Making Furniture: Joining Two Halves of a Slab With Sliding Dovetails

This blog article was originally published by furniture maker and Guild member Pete Novick on the Hayama Cabinetmaker’s blog. Click here to view the original blog article. 

Here’s a follow-up to my earlier blog entry, Planing a Slab. In that post, I flatten one side of a slab using hand planes and winding sticks to guide the planing effort. Now it’s time to rip the slab in half and then join the halves with sliding dovetails.

This joining technique requires no glue, is incredibly strong, keeps the two halves in perfect alignment, and can add extraordinary visual interest.

A black walnut slab made for a buffet sideboard. The slab has been ripped in half and joined with sliding dovetails.

The reverse side of the slab showing the sliding dovetail system used to join the halves.

On the reverse, you can see the completed sliding dovetails. The position of each one corresponds to the support rails on the buffet sideboard base. Now, on to how to construct it.

Using a chalk line, snap a line along along the grain, butt end to butt end, of the slab. This line does not have bisect the slab equally, and it provides a visual reference for ripping the slab on the table saw.

Now make a sled out of 3/4″ plywood about  3″ wider than the slab and a foot longer. On this sled, snap another chalk line bisecting the sled along the long axis. This provides a reference line for lining up the chalk line on the slab. Align the slab on the sled and fasten wood blocks to the plywood to firmly hold the slab in place. If the slab is still a little loose, use wooden wedges to secure it snugly to the plywood sled.

Adjust the table saw fence to cut along the chalk line. The plywood sled rides against the fence; the slab should be an inch or more away from the fence. Raise the saw blade to make the cut in one pass. With a  2″  slab riding on a 3/4″ plywood sled, the blade will be raised 3″ or more – a very dangerous set up! So, I do myself a favor – actually four favors: (1) use a very sharp blade; (2) use the blade guard; (3)  use a long outfeed table; and (4) have someone assist me on the outfeed side. It’s much safer to use a bandsaw if your bandsaw has sufficient throat clearance.

Here’s a black walnut slab which I have ripped in half on the table saw.

Ten fingers, ten toes! All humor aside, here’s the slab with the completed rip cut.

Using the jointer to square up the edge after ripping the slab in two. One light pass over the cutterhead is enough.

One pass on the jointer will clean up the saw marks from the table saw, after which you can hand plane the edge smooth after cutting the dovetails.

Positioning one half of the slab on the base to mark the locations for the sliding dovetails.

This slab rides on a black walnut cantilevered base. Mark the locations for the dovetail cuts corresponding to the locations of the three supports.

The cut line centered on the support arm on the table base.

Preparing to cut the sliding dovetails. Note the two spacers which keep the two sides of the slab in parallel alignment.

Place the slab on the workbench and insert two spacer pieces thick enough to provide clear and safe access for the router bits.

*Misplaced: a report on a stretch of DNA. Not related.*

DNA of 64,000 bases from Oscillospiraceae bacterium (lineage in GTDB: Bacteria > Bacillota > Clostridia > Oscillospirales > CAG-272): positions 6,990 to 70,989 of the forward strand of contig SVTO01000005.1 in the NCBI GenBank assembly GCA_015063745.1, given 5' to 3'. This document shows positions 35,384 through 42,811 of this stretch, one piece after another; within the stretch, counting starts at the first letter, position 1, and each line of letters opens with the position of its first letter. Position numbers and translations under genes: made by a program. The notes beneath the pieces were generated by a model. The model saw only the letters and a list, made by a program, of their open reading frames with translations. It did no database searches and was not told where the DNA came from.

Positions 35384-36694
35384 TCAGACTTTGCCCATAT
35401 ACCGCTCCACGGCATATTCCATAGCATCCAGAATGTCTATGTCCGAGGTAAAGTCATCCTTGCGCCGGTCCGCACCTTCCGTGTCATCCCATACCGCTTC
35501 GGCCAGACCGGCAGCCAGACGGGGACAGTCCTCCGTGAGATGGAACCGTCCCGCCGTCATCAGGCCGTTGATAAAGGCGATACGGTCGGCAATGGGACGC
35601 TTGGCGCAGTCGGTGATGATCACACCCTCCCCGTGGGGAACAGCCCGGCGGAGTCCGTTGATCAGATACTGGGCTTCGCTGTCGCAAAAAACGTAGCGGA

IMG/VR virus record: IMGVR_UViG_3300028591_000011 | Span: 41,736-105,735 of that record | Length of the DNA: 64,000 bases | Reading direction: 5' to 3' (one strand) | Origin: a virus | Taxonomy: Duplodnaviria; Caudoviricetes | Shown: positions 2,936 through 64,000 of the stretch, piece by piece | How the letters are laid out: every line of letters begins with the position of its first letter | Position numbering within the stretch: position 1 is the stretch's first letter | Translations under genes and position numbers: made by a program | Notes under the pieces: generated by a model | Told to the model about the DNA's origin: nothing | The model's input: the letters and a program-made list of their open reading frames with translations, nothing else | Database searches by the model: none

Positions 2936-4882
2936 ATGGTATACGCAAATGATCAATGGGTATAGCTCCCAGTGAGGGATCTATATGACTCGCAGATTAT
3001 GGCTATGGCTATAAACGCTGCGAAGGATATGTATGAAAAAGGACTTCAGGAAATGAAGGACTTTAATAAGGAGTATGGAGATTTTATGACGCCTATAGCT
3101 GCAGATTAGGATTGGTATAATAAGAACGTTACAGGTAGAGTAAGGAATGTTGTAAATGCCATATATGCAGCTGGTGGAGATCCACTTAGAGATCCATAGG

Position the guides to cut the sliding dovetails.

Make wooden guides and true them up on the jointer.

Use a shop-made jig to set the tool guides, in this case, one half the diameter of the router base.

Make a jig, in this case a simple wooden spacer, with a width equal to the radius of the router base.

Clamp the tool guides by running the spacer jig back and forth to achieve parallelism. Tap the guides gently with a wooden mallet as needed and then tighten the clamps.

On the cut guide lines, mark where to stop the cut. It’s better just to make a pencil line rather than to use tape, as tape can interfere with the travel of the router base.

Select two routers with the same size base.

Using two routers of the same make and model can take a lot of the guesswork out of this process. One will be fitted with a straight bit and the other with a dovetail bit. These are heavy duty router bits and very sharp.

Set the straight router bit to half the final depth (about 12mm or 1/2″), and make all six initial cuts. Then set the straight bit and dovetail bit to the finished depth and test this on a piece of scrap wood. Then rout out the waste, first with the straight bit, then with the dovetail bit to complete the cuts.

The finished sliding dovetail cuts. (The wood waste and dust have been magically removed!)

Here’s a view of the finished sliding dovetails.

The completed dovetail cut.

Here’s a close-up view of the completed dovetail cut.  A note on parallelism: No matter how careful one is, there will be some misalignment among the three cuts. All error is additive, and this turns out to be a good thing. As this joint is not glued, a one degree total parallel alignment error adds tension as the two halves are brought together, ensuring a strong and stable joint.

A view of the sliding dovetail which is fitted into the corresponding dovetails cut into both halves of the slab.

In another blog, I’ll cover how to make the other half of the sliding dovetail. In the meantime…

A closer look at the ebony butterfly key insert across a gap in the wood near the butt end. The insert is 25 mm (about 1″) in depth.

…this slab was air dried and is about 15 years old, so it has stopped moving. Still, the butterfly key provides a counterpoint to the unusual grain pattern in the other half of the slab.

A black walnut slab made for a buffet sideboard. The slab has been ripped in half and joined with sliding dovetails.

Here’s the completed slab again.

View more furniture by master furniture maker Pete Novick of Hayama Cabinetmakers in South Newfane, Vermont. 

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